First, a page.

Now, as far as the usefulness of Glass. I want to be clear. Right now, Glass is making use of some pretty cool technology, but it’s nothing new. Call it a glorified visual Siri with limited capability. However, I am not discounting it as an innovative product. Someone has to break the norm and do something new, so while Glass may not be useful to my everyday life right now (it’s more of a ‘cool toy’), the implications are very real and important. This is a technology that will lead developers to apply the technology (X) to new industries (Y) and produce a new standard for the way we do things (Z). That type of change doesn’t happen overnight. We need companies like Google to challenge status quo. After all, everything we take for granted today was once outlandish. Computers untethered us from paperwork and made us efficient at a desk. Cell phones untethered us from our desk and made us efficient on-the-go. Wearable technology untethers us from our phones and has the potential to make us efficient without effort. So, it’s not about what the technology does today that makes Glass critical; it’s what it can do for us in the future. It’s about opening that door.
4. The sophistication and personalization of technology, evident through better mobile devices, the prevalence of social media, and the rise of Internet usage around the world, creates new opportunities for businesses and professionals to innovate. But a lot of people are uncomfortable with innovation. How important is it, in your eyes, for people to take risks and try new things - for the sake of their customers and getting an “edge” on the competition?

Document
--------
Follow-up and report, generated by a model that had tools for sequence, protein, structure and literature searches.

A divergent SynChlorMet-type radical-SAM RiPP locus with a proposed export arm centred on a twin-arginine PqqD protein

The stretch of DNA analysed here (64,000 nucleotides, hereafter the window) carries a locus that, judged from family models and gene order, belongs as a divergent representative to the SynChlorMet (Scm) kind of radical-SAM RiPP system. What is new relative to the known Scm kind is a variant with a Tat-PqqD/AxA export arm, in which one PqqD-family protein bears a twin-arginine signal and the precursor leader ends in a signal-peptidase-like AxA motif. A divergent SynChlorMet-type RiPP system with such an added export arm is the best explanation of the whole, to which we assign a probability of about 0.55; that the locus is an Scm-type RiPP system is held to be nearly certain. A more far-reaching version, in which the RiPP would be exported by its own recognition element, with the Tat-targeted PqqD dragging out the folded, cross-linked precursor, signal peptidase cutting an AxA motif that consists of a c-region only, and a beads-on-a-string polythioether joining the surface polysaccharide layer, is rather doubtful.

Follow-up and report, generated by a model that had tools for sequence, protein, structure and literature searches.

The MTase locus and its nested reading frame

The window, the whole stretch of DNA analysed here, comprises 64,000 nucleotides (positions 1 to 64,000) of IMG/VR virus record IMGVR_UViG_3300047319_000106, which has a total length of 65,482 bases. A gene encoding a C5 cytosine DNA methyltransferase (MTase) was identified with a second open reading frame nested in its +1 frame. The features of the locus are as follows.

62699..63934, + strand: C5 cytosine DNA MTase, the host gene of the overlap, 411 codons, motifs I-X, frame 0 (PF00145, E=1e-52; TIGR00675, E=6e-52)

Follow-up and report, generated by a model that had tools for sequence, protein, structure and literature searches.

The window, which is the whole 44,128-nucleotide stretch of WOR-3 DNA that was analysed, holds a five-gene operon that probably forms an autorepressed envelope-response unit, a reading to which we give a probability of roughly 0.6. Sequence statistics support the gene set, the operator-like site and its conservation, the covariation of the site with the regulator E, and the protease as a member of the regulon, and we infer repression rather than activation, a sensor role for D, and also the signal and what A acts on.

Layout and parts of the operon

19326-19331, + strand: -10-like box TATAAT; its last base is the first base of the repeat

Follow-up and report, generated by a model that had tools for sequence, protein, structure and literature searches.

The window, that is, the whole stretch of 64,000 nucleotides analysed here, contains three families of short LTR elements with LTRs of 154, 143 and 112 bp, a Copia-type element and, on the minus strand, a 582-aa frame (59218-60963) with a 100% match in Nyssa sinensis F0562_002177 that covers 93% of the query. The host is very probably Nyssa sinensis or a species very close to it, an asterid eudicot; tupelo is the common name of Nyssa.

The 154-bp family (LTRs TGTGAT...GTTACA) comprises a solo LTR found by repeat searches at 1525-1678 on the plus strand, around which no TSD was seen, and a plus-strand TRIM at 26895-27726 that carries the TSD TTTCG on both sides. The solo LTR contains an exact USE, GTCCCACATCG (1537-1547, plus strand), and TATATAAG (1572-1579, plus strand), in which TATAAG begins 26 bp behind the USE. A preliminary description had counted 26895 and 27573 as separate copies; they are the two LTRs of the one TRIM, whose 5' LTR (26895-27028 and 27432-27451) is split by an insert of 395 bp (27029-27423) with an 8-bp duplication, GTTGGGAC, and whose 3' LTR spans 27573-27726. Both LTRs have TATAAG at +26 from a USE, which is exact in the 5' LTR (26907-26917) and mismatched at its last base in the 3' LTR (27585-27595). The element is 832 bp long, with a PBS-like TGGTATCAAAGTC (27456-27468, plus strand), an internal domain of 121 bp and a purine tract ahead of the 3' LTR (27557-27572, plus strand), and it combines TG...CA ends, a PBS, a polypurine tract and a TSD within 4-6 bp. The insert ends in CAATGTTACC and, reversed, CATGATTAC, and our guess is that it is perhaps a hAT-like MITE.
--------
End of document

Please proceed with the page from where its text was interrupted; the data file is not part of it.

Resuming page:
Well, we didn’t land on the moon by continuing to build bicycles. So, in regard to advancing norms and technologies, if that’s what you’re into... it is important. However, companies need to maintain their customers. Going too far with the ‘innovative edge’ has potential to scare consumers. This is the reason we innovate in stages over a period of time. It’s really up to a company and their business model, to determine the delicate balance between cutting-edge and cookie-cutter. Timing is a huge part of it. I think that’s where the marketing team comes in handy. If you can rightfully (and certainly not deceptively) tell someone your story about why you are doing what you’re doing, and why your product or service exists, that builds an understanding and trust that far outweighs how you are building your product, and even what the product is. Again, 20 years ago, would you have imagined buying a phone from a computer manufacturer, a la Apple? Give people something to believe in and the worthwhile risks will reveal themselves.
The Personal Scoop
1. You seem to achieve everything you set out to do at a high level. What makes you tick? Can you put into words what give you the hunger that makes you do what you do?
It’s simple: possibility. As children, we have brilliantly vivid imaginations. Kids do things they probably shouldn’t have done because, well, they feel like it... they want to see if they can; only to learn the lesson...either don’t do it again, or do it different next time. And they keep at this process of learning. Then they get older. We plug ourselves into a society that tells us what is proper and risk-averse, and we follow that path at the cost of doing what our hearts tell us, at the cost of learning. Essentially, we stop being children because possibility alone is no longer motivating. I guess I never really grew up. I still dream of possibility. I still want to learn. If it can be and I’m passionate about it, I’ll give it a shot. Every failure is knowledge gained for some other success. It’s something you’ll hear from a lot of entrepreneurs. I still dream, and I can’t stop. Though, I am taking an extended leave from “doing” anything right now. I need some me time!